The contrary view, of course, is that the current Syriza government in Greece is a recalcitrant debtor with no intention of either paying back its debts or implementing a reform package that stimulates private-sector economic activity. The Greek government has steered clear of conflating a No vote and a strategic default, though, clearly wording the referendum to avoid this interpretation. It seeks a decision from the Greek people on the latest bailout proposal and not euro membership. And the proposal it tabled to the European Stability Mechanism and Eurogroup on June 29 for a new third bailout was an attempt to distance itself from the vitiated wrangling that has characterised the failed talks so far.
Less has been written about the brinkmanship on the part of the eurozone creditors. It signals a belief that the impact of Greece leaving the euro could be contained to its borders and not spread to other eurozone countries labouring under enormous debts. This betrays a false sense of control over the unintended consequences and deep long-term uncertainty that a Grexit would cause.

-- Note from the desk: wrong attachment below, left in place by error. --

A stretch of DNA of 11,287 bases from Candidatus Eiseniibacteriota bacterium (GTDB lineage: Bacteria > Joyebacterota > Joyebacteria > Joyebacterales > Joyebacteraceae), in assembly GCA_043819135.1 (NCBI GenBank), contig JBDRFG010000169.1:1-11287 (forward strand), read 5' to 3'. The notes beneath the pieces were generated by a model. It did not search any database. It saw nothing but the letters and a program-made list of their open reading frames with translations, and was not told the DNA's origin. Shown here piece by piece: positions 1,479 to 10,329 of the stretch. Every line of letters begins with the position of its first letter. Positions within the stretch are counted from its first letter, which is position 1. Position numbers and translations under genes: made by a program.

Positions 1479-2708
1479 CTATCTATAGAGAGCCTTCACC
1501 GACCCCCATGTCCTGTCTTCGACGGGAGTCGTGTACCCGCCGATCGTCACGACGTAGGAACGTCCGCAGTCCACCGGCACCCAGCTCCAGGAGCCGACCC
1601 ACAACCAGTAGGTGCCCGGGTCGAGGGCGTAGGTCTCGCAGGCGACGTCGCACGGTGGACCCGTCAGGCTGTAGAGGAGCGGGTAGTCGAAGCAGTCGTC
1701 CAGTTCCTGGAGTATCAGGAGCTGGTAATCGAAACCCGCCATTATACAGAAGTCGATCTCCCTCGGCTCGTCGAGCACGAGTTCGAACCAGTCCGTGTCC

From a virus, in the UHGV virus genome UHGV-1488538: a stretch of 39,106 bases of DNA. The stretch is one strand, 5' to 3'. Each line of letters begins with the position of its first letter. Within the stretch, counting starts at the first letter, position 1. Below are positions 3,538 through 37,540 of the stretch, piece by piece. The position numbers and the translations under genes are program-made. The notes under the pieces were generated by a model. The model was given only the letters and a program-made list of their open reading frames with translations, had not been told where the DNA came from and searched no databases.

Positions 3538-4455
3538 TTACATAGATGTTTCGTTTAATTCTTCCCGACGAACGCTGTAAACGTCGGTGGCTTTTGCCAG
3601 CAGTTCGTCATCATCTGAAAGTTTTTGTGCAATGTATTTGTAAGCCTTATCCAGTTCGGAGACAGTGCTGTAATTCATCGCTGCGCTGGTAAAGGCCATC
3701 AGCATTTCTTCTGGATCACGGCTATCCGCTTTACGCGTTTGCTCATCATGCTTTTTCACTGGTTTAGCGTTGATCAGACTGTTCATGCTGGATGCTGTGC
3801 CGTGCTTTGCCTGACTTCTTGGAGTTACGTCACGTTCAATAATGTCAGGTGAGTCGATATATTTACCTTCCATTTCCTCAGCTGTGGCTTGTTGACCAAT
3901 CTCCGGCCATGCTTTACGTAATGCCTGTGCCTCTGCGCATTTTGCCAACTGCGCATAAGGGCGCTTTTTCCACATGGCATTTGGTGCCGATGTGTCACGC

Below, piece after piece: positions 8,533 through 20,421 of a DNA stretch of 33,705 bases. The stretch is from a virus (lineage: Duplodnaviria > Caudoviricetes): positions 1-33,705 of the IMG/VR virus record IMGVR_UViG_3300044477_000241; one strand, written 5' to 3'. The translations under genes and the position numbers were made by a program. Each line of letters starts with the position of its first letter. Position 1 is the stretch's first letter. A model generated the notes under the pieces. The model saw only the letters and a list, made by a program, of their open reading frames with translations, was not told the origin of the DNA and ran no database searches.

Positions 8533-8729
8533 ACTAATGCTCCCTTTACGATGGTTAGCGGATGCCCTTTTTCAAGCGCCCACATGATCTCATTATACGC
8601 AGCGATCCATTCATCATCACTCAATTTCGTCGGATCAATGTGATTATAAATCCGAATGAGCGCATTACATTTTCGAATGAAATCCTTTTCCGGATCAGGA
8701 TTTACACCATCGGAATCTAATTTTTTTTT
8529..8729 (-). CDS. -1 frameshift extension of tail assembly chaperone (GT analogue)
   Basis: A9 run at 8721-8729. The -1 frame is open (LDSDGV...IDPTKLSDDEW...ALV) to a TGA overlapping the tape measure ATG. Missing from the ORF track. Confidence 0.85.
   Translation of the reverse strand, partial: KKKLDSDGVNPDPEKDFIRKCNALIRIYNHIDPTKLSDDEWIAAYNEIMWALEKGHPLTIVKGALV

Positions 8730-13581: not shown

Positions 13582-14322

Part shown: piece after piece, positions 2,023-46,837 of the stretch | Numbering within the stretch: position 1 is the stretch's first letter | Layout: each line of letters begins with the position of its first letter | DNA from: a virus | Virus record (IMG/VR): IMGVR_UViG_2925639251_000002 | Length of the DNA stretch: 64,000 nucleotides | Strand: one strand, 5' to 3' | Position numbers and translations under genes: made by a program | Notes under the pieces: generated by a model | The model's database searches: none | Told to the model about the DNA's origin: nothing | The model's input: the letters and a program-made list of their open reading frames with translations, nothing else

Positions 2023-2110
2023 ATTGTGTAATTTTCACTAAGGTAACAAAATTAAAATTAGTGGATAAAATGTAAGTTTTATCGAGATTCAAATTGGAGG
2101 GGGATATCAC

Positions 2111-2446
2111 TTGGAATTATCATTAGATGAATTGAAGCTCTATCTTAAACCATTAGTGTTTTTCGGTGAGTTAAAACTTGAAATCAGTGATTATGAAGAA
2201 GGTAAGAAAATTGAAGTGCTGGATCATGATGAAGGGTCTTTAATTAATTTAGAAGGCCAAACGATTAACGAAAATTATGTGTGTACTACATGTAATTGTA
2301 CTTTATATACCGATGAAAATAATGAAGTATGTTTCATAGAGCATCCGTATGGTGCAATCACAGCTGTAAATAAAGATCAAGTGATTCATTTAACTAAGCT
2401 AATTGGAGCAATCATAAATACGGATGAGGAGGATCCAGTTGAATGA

A different view is that a Grexit would push the eurozone project to the brink. The eurozone constitutes an irrevocable commitment to a monetary union, essentially a fixed-exchange-rate arrangement backed by a central bank and some form of banking union. As we learned from the collapse of the Bretton-Woods system in the 1970s, fixed-exchange-rate regimes between structurally dissimilar economies eventually break down. A common central bank and a banking union might mitigate some of the risks, but without some arrangement to pool the fiscal policies of the different countries involved, it is prone to collapse once the irrevocable commitment to sustain the monetary union is in doubt. Allowing Greece to leave would put the eurozone in that category.